From the initial database, sampling was performed in two phases. Participants were first randomly selected from the initial database, then inclusion criteria were applied to incrementally produce the working database until the sample size calculated a priori was attained (see Statistical considerations).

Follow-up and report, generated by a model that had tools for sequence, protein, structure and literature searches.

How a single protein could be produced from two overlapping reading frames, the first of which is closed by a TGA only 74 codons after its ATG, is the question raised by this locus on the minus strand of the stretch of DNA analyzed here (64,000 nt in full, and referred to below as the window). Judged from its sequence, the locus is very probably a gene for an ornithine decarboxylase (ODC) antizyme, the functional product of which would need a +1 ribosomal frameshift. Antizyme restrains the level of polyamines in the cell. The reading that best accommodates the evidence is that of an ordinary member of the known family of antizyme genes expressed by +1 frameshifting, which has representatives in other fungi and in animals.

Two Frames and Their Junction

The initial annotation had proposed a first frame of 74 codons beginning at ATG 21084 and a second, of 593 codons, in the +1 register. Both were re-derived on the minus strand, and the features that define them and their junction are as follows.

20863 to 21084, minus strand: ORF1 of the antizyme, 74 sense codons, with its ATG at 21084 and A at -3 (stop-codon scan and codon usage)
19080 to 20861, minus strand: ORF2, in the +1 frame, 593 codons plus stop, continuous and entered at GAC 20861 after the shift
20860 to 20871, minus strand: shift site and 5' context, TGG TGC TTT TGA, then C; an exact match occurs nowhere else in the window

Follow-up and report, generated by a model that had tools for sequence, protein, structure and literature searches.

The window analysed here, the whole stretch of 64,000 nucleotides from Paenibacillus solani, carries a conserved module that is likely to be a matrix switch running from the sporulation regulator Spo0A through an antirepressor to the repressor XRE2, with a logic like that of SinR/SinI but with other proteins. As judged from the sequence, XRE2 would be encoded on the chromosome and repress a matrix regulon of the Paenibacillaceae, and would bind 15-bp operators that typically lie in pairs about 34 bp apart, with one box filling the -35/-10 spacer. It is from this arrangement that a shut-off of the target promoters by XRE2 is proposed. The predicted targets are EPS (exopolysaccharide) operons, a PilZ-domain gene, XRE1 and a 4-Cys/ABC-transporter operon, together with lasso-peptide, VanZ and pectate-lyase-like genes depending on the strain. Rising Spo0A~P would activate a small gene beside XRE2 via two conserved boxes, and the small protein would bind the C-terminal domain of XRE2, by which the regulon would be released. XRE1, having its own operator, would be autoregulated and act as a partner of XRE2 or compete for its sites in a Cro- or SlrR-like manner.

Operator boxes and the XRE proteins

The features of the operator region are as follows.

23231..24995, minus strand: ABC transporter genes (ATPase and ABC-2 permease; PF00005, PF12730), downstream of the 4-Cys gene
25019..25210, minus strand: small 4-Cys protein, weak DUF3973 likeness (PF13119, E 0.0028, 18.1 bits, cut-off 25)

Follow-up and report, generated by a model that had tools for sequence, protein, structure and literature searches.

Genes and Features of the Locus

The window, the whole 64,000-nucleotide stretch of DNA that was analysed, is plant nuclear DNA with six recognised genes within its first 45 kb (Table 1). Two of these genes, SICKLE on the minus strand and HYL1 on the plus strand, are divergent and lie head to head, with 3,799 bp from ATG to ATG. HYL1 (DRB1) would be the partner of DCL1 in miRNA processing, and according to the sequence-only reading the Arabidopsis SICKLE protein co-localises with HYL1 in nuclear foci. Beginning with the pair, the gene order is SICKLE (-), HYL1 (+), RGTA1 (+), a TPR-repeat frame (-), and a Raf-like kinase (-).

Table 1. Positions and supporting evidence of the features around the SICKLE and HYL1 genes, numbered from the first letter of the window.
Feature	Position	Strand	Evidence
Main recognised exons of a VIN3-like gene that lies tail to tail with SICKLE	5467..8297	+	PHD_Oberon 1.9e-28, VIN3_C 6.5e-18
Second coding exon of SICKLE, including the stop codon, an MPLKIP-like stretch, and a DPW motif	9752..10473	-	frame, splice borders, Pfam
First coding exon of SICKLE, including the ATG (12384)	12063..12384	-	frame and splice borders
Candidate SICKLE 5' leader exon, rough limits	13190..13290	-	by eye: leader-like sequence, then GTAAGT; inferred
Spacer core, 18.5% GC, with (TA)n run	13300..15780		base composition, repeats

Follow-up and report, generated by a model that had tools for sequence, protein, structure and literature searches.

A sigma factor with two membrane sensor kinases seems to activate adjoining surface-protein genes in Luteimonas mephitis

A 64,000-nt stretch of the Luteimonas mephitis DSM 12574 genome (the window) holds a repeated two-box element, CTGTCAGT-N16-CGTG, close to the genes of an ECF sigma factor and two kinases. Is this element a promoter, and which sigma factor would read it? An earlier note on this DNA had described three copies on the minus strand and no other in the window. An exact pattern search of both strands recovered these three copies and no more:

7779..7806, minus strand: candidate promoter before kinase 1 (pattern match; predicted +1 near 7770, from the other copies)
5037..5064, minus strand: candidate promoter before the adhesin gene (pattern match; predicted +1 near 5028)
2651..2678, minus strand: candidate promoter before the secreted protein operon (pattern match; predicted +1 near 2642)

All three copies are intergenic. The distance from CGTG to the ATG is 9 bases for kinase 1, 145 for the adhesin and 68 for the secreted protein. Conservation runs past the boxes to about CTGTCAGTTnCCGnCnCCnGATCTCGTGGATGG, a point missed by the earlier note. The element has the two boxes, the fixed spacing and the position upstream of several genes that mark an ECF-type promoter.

Facial skeletal age was estimated using a method previously developed to assess the skeletal age of children, based on the centroid size of the face and derived from the three-dimensional coordinates of anatomical landmarks . The anatomical locations of bilateral landmarks (mental foramen, anterior opening of the infraorbital canal, anterior opening of the supraorbital canal, supraorbital fissure at the level of the optic foramen and round foramina) were selected using AMIRA 3D analysis software (version 5.2.2; FEI Visualization Sciences Group, Mérignac, France), and centroid sizes were calculated using morphologika software . The centroid size is a measure of size uncorrelated with all pure shape changes . The facial skeletal age was calculated using least squares linear regression (with distinction between boys and girls and between children younger or older than 10 years) . Chronological and facial skeletal ages were rounded down to the nearest semester. A child was considered as presenting delayed facial skeletal growth if his or her chronological age was strictly greater than the estimation of his or her facial skeletal age (that is, greater than and not equal to).